PROGRESSIVE MUSIC COMPANY

AFRO-AMERICAN MUSIC INSTITUTE CELEBRATES 36 YEARS

BOYS CHOIR AFRICA SHIRTS
 
 
http://www.indiegogo.com/projects/building-today-for-tomorrow/x/267428

 Pain Relief Beyond Belief

                         http://www.komehsaessentials.com/                              

 

PITTSBURGH JAZZ

 

From Blakey to Brown, Como to Costa, Eckstine to Eldridge, Galbraith to Garner, Harris to Hines, Horne to Hyman, Jamal to Jefferson, Kelly to Klook; Mancini to Marmarosa, May to Mitchell, Negri to Nestico, Parlan to Ponder, Reed to Ruther, Strayhorn to Sullivan, Turk to Turrentine, Wade to Williams… the forthcoming publication Treasury of Pittsburgh Jazz Connections by Dr. Nelson Harrison and Dr. Ralph Proctor, Jr. will document the legacy of one of the world’s greatest jazz capitals.

 

Do you want to know who Dizzy Gillespie  idolized? Did you ever wonder who inspired Kenny Clarke and Art Blakey? Who was the pianist that mentored Monk, Bud Powell, Tad Dameron, Elmo Hope, Sarah Vaughan and Mel Torme? Who was Art Tatum’s idol and Nat Cole’s mentor? What musical quartet pioneered the concept adopted later by the Modern Jazz Quartet? Were you ever curious to know who taught saxophone to Stanley Turrentine or who taught piano to Ahmad Jamal? What community music school trained Robert McFerrin, Sr. for his history-making debut with the Metropolitan Opera? What virtually unknown pianist was a significant influence on young John Coltrane, Shirley Scott, McCoy Tyner, Bobby Timmons and Ray Bryant when he moved to Philadelphia from Pittsburgh in the 1940s?  Would you be surprised to know that Erroll Garner attended classes at the Julliard School of Music in New York and was at the top of his class in writing and arranging proficiency?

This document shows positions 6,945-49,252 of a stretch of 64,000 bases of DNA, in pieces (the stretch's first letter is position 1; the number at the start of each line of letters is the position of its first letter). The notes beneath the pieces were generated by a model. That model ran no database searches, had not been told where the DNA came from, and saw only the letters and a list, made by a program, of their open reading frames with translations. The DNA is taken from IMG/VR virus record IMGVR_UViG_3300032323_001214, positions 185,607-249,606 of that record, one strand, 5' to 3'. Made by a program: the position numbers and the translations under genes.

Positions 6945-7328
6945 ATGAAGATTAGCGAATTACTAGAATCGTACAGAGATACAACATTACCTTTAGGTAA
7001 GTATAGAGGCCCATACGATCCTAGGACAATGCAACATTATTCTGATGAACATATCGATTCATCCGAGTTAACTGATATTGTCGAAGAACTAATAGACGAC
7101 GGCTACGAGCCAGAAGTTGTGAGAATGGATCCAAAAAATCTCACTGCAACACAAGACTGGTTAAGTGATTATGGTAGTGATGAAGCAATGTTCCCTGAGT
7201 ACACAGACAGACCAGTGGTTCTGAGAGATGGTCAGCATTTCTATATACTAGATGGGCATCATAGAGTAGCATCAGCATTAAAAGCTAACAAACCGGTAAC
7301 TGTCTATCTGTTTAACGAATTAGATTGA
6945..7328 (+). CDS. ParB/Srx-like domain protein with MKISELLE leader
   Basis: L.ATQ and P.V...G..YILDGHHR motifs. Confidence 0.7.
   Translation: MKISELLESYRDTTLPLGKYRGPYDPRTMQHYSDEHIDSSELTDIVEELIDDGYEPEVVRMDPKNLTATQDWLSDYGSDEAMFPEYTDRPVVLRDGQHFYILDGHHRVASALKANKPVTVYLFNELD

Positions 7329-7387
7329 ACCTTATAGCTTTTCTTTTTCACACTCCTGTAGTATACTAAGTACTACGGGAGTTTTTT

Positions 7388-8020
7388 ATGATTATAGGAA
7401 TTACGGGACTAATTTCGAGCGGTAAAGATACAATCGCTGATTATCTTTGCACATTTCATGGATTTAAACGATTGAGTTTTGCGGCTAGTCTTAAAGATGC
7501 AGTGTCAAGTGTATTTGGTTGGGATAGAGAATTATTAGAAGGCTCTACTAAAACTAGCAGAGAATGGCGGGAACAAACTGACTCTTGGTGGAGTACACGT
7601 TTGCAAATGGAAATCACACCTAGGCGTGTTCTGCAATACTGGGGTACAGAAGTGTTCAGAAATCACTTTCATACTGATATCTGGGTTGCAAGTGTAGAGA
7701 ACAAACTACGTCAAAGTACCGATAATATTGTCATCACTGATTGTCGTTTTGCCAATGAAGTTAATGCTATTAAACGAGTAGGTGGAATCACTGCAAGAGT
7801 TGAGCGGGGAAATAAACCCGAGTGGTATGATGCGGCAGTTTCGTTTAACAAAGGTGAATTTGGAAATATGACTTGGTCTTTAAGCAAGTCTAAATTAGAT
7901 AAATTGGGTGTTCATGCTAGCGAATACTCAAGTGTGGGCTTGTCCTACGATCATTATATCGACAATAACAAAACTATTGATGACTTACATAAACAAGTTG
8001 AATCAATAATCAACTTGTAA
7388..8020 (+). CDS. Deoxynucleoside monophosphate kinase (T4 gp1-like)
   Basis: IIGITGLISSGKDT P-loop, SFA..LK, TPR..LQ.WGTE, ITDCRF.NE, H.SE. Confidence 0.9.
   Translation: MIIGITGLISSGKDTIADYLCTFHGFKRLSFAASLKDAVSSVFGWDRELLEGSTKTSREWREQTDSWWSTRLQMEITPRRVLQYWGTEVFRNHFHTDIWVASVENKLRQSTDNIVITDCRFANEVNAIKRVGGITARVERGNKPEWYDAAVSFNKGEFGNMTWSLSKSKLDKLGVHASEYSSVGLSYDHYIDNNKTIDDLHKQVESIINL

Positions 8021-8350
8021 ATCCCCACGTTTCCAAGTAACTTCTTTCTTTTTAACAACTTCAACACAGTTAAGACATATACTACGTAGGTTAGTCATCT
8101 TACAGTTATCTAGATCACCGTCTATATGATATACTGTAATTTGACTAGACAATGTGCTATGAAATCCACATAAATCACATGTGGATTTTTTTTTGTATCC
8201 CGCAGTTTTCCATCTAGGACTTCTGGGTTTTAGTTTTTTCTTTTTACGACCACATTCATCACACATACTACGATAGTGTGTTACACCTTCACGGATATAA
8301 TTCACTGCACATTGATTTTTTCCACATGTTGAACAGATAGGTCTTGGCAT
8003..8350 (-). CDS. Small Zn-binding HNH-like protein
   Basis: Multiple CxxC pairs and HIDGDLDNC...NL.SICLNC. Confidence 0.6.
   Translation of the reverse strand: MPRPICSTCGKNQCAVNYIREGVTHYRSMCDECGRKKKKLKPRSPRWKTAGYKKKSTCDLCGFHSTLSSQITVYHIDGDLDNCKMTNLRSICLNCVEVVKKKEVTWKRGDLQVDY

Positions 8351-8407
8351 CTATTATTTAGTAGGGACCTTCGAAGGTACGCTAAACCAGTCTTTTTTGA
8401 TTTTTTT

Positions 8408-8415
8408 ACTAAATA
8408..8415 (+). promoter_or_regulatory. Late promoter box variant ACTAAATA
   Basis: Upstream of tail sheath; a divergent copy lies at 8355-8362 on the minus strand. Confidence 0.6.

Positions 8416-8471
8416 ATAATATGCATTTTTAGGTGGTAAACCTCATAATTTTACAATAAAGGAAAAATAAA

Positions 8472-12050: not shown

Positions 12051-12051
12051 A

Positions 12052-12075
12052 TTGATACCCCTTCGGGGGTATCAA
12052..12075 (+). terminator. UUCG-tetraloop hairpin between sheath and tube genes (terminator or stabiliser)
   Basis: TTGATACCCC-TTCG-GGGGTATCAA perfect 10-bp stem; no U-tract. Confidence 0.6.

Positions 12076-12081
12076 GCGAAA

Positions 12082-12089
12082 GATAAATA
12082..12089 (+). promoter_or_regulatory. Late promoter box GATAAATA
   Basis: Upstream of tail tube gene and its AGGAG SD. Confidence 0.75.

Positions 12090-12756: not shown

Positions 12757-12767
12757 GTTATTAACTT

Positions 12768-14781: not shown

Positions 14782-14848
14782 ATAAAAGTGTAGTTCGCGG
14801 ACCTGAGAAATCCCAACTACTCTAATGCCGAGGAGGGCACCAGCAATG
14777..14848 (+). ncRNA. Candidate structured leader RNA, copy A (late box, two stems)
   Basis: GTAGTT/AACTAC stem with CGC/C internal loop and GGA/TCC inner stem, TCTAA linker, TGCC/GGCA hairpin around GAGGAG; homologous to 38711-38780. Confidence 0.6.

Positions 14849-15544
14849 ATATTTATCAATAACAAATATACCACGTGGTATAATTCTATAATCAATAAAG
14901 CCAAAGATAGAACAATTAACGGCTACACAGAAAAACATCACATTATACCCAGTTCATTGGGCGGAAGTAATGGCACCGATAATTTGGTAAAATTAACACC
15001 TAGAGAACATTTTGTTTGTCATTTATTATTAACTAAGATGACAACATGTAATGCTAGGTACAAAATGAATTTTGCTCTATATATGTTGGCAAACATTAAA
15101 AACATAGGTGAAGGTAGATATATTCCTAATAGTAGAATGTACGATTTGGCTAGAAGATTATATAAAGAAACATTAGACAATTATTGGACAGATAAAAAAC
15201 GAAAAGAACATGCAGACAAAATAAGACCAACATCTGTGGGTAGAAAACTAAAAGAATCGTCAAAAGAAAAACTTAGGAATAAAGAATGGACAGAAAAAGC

Some answers  can be gleaned from the postings on the Pittsburgh Jazz Network.

 

For almost 100 years the Pittsburgh region has been a metacenter of jazz originality that is second to no other in the history of jazz.  One of the best kept secrets in jazz folklore, the Pittsburgh Jazz Legacy has heretofore remained mythical.  We have dubbed it “the greatest story never told” since it has not been represented in writing before now in such a way as to be accessible to anyone seeking to know more about it.  When it was happening, little did we know how priceless the memories would become when the times were gone.